From the Coliseum, we went on another guided tour, a free one this time, of the Roman Forum. The Forum is located over a large area and is strewn with the tombs and ruins of various structures from different Roman eras. If the Coliseum built in 80 AD seemed an ancient structure, then what could I say about the Roman Forum which was a thriving market place in 500 BC. It was the “downtown” for the ancient Romans. The Roman Forum though has structures from various centuries as Romans loved to build over existing structures. There are a lot of old buildings like the tomb of Julius Caesar, the temple of the Vestal Virgins, the Arch of Constantine, the Senate and so on. After an interesting recap of Roman History, we went up the Capitoline hill to get a breathtaking birds-eye view of the Forum. The museum on the hill houses a lot of objects and artifacts that were discovered from the ruins. These include household items, marble and bronze statues, and ancient tools and implements. We spent a short time looking at the vast collection and then made our way down to the main street.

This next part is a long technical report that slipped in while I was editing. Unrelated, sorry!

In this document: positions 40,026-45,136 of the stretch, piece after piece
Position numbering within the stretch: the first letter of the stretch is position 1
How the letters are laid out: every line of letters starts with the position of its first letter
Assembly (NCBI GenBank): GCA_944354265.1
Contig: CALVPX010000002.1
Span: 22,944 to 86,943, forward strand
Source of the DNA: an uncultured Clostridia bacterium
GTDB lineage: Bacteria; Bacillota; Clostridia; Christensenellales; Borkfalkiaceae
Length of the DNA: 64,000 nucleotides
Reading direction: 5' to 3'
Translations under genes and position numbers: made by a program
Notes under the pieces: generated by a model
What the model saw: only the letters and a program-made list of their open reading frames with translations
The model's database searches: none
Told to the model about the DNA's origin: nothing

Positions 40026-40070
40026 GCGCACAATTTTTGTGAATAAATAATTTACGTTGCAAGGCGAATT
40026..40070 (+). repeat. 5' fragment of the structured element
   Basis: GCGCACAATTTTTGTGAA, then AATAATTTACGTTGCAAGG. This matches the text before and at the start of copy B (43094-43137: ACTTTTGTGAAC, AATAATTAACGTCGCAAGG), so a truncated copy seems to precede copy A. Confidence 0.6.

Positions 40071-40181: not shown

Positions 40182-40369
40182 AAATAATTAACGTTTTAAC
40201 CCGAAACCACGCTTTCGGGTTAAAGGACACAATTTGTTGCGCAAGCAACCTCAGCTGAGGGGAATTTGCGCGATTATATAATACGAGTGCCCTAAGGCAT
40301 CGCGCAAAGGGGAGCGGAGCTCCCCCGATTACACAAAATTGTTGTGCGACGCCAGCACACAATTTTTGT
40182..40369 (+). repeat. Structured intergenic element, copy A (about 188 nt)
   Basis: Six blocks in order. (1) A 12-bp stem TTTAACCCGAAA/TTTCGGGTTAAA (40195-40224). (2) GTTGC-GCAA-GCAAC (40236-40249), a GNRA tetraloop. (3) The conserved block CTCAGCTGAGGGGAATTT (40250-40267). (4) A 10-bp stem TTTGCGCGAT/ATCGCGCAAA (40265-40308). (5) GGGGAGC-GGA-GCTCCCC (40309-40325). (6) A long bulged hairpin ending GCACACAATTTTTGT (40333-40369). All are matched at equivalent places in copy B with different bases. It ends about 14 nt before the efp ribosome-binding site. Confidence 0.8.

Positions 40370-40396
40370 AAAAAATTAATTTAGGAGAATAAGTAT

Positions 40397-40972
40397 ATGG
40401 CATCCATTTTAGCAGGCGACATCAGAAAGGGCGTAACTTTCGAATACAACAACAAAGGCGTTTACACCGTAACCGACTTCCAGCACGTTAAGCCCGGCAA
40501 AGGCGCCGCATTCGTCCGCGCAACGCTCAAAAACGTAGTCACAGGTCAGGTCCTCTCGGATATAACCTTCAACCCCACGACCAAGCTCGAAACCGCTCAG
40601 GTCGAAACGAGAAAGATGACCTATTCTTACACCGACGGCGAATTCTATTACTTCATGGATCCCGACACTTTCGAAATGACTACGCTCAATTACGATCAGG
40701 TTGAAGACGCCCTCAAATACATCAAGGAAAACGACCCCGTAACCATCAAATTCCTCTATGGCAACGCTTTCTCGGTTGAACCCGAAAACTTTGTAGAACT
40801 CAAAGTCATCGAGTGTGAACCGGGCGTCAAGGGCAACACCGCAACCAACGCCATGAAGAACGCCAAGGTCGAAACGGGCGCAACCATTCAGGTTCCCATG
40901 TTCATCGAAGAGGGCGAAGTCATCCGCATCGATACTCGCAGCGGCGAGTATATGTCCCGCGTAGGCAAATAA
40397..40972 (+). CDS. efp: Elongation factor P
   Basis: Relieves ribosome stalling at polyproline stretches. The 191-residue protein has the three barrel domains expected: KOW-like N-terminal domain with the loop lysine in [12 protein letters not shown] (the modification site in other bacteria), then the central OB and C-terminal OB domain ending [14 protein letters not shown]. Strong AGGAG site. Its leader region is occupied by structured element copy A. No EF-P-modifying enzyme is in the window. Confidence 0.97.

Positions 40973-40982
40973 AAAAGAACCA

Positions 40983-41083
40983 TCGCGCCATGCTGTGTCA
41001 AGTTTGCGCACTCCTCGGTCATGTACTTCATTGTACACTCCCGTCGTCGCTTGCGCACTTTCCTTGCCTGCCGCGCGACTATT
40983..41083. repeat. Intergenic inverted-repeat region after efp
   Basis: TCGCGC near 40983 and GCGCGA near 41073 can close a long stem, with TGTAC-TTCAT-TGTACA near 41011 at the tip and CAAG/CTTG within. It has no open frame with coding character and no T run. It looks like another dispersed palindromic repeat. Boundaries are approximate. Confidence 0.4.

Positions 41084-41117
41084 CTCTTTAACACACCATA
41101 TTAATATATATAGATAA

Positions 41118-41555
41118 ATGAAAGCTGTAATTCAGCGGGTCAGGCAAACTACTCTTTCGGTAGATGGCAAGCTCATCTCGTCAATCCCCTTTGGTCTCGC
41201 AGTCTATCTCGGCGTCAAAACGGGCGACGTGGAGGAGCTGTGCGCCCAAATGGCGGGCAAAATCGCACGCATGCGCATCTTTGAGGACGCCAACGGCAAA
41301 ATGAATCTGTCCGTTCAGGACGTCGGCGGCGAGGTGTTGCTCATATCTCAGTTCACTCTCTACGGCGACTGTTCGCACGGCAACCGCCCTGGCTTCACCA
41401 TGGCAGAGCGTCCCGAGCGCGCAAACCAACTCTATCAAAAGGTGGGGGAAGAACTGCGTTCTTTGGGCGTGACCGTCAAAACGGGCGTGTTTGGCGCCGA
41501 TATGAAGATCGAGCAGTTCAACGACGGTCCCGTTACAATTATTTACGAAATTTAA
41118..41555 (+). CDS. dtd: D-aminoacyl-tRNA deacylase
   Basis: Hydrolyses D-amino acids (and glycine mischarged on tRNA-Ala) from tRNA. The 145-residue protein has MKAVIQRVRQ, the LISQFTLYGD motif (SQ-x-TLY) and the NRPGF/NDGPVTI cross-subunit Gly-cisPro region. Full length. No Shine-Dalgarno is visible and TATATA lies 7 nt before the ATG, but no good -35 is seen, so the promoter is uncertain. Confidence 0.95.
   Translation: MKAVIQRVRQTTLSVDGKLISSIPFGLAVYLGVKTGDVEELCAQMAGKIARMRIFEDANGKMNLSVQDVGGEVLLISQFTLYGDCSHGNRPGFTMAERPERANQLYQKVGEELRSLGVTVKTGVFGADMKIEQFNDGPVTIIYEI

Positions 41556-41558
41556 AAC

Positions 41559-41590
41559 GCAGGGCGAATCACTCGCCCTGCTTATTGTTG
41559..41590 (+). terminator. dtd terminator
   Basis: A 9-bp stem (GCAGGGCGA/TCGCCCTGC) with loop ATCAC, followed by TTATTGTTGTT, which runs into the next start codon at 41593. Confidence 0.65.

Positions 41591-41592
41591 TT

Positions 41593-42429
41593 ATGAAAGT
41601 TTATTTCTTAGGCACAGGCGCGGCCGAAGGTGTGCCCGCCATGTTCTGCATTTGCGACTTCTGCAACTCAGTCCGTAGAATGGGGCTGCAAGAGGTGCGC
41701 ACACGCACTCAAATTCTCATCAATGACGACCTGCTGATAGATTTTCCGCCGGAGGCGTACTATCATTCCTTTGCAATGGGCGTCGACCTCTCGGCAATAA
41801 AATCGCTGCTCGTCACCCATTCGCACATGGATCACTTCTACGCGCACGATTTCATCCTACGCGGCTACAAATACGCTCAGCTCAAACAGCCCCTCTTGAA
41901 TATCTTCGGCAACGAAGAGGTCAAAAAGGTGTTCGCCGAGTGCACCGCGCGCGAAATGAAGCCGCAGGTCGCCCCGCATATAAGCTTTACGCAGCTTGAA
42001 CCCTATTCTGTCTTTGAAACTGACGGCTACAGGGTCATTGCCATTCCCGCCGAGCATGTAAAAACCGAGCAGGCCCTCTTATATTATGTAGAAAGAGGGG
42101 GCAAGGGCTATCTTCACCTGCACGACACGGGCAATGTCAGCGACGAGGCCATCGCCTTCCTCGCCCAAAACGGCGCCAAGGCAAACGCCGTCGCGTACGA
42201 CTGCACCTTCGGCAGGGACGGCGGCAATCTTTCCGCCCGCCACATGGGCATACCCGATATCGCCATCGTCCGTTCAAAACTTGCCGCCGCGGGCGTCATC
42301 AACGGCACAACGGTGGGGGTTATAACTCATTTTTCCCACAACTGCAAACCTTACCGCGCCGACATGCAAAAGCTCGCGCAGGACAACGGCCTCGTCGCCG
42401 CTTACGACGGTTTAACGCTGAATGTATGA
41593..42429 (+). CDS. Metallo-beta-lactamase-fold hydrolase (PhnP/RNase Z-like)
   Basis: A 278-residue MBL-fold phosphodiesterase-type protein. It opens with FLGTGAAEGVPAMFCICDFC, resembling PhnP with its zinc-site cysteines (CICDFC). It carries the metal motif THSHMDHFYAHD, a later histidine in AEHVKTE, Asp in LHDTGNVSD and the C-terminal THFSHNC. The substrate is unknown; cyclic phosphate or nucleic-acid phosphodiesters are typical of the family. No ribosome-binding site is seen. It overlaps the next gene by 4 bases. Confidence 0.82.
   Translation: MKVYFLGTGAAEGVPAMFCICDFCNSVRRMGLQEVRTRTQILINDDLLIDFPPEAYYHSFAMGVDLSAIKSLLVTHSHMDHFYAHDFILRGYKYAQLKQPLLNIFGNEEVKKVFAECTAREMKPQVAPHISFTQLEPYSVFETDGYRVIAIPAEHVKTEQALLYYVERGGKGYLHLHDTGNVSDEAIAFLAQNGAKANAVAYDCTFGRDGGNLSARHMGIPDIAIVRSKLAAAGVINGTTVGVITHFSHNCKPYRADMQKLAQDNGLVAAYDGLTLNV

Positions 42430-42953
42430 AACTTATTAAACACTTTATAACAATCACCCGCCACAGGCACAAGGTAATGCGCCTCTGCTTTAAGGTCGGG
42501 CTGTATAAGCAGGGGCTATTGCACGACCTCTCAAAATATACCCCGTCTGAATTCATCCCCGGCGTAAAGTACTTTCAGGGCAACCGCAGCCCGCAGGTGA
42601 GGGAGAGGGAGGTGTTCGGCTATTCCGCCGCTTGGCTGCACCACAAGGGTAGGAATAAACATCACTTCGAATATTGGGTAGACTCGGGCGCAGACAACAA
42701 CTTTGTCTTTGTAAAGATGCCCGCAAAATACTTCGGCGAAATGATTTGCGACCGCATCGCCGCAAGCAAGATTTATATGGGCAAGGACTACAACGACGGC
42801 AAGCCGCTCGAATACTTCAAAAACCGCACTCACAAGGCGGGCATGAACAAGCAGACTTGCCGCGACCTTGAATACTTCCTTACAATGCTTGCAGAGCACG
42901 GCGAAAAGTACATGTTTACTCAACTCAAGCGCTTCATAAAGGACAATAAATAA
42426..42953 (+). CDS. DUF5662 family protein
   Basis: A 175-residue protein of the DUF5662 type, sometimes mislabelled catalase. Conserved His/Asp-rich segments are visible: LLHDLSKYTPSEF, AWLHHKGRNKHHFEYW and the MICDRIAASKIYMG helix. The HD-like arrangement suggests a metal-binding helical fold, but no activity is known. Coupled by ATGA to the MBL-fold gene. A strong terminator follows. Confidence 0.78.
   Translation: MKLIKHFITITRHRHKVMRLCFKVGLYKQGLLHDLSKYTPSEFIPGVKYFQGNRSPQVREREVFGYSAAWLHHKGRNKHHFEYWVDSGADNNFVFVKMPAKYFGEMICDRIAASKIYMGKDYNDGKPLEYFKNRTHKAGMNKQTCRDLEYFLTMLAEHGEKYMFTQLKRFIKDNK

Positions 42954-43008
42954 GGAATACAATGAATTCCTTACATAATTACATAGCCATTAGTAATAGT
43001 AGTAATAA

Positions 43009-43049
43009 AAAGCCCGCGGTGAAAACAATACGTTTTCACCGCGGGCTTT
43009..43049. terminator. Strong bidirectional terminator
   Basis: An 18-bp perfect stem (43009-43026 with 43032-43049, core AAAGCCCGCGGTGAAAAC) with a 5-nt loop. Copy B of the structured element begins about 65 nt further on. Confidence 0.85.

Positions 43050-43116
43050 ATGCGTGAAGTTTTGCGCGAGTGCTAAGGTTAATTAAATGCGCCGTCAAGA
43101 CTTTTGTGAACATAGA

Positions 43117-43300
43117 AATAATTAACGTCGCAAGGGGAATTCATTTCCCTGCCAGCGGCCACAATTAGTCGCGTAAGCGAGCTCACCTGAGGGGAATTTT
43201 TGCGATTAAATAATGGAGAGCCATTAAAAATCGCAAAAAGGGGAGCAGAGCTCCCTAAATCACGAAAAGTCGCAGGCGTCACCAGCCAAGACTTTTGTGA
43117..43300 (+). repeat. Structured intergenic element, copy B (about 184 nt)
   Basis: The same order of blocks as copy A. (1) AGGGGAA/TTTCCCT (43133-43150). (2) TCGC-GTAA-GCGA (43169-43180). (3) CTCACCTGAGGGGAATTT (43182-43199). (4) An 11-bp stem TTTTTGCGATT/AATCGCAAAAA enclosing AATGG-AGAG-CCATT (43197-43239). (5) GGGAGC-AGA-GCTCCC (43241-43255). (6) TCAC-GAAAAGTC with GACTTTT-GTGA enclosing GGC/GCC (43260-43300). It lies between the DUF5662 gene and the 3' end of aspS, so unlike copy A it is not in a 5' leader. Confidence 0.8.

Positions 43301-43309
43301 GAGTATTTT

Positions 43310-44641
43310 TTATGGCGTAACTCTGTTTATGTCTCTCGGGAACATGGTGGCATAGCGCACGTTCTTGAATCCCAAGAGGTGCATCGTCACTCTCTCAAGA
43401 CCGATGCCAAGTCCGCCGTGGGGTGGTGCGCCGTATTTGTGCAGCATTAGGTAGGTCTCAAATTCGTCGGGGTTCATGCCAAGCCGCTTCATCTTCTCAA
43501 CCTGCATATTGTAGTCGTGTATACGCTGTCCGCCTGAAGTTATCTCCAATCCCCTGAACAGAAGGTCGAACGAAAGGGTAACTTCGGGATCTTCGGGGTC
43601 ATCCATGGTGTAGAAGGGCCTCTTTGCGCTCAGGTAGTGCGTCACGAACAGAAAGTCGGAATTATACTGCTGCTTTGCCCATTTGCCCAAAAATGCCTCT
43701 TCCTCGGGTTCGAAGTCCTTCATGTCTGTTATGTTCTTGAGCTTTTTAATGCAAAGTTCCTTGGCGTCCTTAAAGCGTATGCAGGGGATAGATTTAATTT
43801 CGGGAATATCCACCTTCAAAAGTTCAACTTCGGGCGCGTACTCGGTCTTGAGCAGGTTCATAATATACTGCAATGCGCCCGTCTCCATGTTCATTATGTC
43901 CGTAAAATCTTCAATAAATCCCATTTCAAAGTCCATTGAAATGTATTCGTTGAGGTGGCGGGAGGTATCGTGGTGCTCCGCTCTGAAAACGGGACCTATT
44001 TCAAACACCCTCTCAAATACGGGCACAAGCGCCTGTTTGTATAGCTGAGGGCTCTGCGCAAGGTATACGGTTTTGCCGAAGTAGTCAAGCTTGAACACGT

The Victor Emmanuel Monument

We walked on towards the Piazza Venezia where we paused a moment to admire the huge white marble monument to King Victor Emmanuel II, the first King of unified Italy. This also serves as the tomb of the Unknown Soldier. On the other side was Trajan’s column, a huge white marble column to commemorate Roman King Trajan. We stopped a few minutes to look around, . then proceeded again.

The Trevi Fountain

With guide maps in hand, we made our way to the Trevi Fountain. This was one of the several fountains that Bernini constructed across the city of Rome . But this one is supposed to bet he most magnificent of them all. It was certainly the most crowded place in Rome. Bangladeshi and Chinese street vendors were running all over the place trying to sell souvenirs. Seejo and I sat a little away, trying to appreciate the beautiful and the large sculptures that made up the fountain. There is a superstition that if you throw a coin into the Fountain and make a wish you will be able to come back to Rome .

The Spanish Steps

The next day we visited Vatican City . On our way back we relaxed a bit near the very crowded Spanish Steps. The Spanish steps are actually a series of steps leading to a church. They were so crowded that we could hardly see any steps. In front of the steps is another of Bernini’s fountains. Two buildings away was the lodge of Lord Byron when he was in Rome .

The Pantheon